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Rumsfeld Denies Contractor Made Overpayments in Iraq - 2003-12-12

U.S. Defense Secretary Donald Rumsfeld is denying the Pentagon paid too much for work performed by a company in Iraq that has political connections to the White House. His comments follow a Defense Department audit, which found a subsidiary of the Halliburton oil services company may have overcharged the government by more than $60 million for fuel delivered to Iraq.

A preliminary audit has found Halliburton subsidiary Kellogg, Brown and Root may have overcharged the government by as much as $61 million for fuel delivered to Iraq from Kuwait. Another $67 million in extra charges was found on bills for food services to troops. But the audit found those discrepancies before the bills were paid by the military.

Halliburton denies any overcharge, and on Friday, Defense Secretary Donald Rumsfeld said "there was no overpayment."

Military officials say the Pentagon is now seeking additional information from the company in order to resolve the dispute.

"What you're reading about in the paper is not an overpayment at all. It may be a disagreement between the company and the Department of Defense, and possibly between the company and subcontractors," Mr. Rumsfeld said.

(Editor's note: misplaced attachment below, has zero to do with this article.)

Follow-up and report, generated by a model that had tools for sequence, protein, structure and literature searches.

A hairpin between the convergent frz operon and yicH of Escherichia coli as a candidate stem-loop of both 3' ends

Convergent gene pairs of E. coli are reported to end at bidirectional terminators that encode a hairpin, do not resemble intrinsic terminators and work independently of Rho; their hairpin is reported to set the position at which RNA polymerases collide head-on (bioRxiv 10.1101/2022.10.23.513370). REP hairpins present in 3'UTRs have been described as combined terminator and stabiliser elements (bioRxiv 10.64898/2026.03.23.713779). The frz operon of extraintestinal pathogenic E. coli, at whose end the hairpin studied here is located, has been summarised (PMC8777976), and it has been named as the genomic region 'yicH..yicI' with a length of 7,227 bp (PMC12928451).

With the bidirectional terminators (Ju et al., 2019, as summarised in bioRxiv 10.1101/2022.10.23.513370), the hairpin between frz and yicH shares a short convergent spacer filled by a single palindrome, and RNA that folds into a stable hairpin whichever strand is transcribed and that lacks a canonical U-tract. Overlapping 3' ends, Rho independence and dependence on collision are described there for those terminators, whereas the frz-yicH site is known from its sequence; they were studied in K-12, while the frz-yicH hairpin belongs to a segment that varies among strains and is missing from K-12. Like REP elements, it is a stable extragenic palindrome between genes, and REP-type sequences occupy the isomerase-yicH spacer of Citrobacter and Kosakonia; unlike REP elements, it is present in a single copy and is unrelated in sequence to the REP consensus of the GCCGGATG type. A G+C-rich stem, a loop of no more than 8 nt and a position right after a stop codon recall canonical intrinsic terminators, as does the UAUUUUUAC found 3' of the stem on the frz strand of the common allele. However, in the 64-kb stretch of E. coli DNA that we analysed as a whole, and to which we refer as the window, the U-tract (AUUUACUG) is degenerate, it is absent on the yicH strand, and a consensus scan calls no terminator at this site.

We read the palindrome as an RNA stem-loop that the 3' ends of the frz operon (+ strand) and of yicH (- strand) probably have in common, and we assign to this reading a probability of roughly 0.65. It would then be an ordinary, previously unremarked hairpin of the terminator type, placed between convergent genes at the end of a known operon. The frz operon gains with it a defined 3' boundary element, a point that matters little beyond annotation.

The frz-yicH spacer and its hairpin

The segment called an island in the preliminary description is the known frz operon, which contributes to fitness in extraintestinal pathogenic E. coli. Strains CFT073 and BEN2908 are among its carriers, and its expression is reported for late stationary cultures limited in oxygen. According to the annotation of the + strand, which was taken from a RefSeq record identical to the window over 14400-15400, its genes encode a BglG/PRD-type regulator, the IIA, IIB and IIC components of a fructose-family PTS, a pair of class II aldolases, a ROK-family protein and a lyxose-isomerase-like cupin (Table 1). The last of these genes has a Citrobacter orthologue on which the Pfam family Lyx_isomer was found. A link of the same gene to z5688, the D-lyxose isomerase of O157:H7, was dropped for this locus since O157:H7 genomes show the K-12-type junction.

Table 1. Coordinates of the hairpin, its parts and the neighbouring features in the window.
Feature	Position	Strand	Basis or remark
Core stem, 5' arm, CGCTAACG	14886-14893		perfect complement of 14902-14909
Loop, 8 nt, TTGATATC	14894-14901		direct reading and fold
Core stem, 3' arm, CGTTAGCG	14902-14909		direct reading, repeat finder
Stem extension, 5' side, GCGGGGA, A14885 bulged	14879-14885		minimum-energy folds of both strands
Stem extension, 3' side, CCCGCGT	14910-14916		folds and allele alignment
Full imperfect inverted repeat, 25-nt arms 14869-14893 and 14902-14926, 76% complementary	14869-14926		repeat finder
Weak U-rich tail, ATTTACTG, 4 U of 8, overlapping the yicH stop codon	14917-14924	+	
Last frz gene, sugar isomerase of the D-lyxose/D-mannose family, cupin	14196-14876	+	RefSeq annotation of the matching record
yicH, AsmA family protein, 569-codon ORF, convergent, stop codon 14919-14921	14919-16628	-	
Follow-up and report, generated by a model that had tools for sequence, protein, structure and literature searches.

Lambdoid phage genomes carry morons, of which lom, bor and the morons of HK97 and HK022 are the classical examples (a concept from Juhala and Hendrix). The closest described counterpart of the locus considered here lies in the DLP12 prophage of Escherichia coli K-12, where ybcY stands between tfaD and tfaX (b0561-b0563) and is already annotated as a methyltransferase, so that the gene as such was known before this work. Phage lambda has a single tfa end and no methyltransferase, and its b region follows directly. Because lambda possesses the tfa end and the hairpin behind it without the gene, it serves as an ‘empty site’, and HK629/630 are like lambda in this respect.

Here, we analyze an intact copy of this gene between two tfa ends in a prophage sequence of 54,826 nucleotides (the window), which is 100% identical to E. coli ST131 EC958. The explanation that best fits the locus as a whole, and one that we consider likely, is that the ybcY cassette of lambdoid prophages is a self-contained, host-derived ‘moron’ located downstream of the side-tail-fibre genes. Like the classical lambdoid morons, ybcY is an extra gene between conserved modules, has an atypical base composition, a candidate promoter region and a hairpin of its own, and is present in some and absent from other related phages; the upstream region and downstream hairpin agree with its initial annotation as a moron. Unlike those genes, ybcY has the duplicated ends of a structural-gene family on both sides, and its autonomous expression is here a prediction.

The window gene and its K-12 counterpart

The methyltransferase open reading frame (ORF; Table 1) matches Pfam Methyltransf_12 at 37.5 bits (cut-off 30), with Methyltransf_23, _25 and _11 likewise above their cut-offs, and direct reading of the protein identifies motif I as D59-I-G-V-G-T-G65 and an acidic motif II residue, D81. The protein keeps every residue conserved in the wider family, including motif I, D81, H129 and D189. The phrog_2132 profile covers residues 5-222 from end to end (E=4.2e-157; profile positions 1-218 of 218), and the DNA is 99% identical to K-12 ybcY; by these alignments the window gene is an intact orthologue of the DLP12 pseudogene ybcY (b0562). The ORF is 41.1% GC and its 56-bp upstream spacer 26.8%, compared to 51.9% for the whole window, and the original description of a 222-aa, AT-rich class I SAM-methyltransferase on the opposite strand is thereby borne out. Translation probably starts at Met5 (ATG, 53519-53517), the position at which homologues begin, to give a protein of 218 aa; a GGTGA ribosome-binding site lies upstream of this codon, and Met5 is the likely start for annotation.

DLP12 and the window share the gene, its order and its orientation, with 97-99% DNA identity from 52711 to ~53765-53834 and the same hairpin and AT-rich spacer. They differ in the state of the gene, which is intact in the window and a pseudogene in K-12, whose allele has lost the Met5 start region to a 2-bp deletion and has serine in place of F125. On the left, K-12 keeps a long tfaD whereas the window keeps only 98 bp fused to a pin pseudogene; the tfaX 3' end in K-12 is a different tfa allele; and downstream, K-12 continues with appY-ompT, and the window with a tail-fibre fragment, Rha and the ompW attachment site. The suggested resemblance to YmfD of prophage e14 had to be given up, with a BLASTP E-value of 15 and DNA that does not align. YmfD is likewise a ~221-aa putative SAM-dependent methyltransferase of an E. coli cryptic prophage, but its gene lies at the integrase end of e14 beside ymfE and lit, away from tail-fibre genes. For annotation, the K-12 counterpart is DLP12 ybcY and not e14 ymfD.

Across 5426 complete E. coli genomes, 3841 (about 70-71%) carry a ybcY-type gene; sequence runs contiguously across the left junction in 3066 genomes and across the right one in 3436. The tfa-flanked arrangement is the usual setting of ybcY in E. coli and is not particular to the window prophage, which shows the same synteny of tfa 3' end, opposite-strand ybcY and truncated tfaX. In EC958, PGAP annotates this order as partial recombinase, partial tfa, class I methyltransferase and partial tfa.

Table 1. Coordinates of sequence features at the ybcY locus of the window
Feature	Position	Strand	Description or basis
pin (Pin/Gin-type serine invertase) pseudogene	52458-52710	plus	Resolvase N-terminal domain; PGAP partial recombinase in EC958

Military officials say the overcharge may have originated with a fuel supplier in Kuwait.

Halliburton has several billion dollars worth of contracts for work in Iraq that were not competitively bid. The Houston-based energy services and construction company was headed by Vice President Dick Cheney, who left when he became President Bush's running mate in 2000.

Because of the billions of dollars in non-competitive contracts it has been awarded in Iraq, Halliburton has become a target for anti-war critics, who believe only companies with connections to the White House are landing lucrative contracts.

"There is a stench of political favoritism and cronyism surrounding the contracting process in both Iraq and Afghanistan," said Charles Lewis, director of the Center for Public Integrity, a group that monitors government ethics, which recently did a review of the allocation of government contracts. "We found numerous instances in which companies with thin or no credentials landed major multi-million dollar contracts."

Bush administration officials, as well as many outside contracting experts, say very few companies exist with the type of experience that Halliburton has, namely the ability to provide everything from supplying meals, and housing to troops, to repairing Iraq's damaged oil infrastructure.

The allegation of contracting overcharges comes just a day after President Bush angered European nations by saying countries that did not send troops to Iraq will not be allowed to bid on billions of dollars worth of U.S.-financed reconstruction work.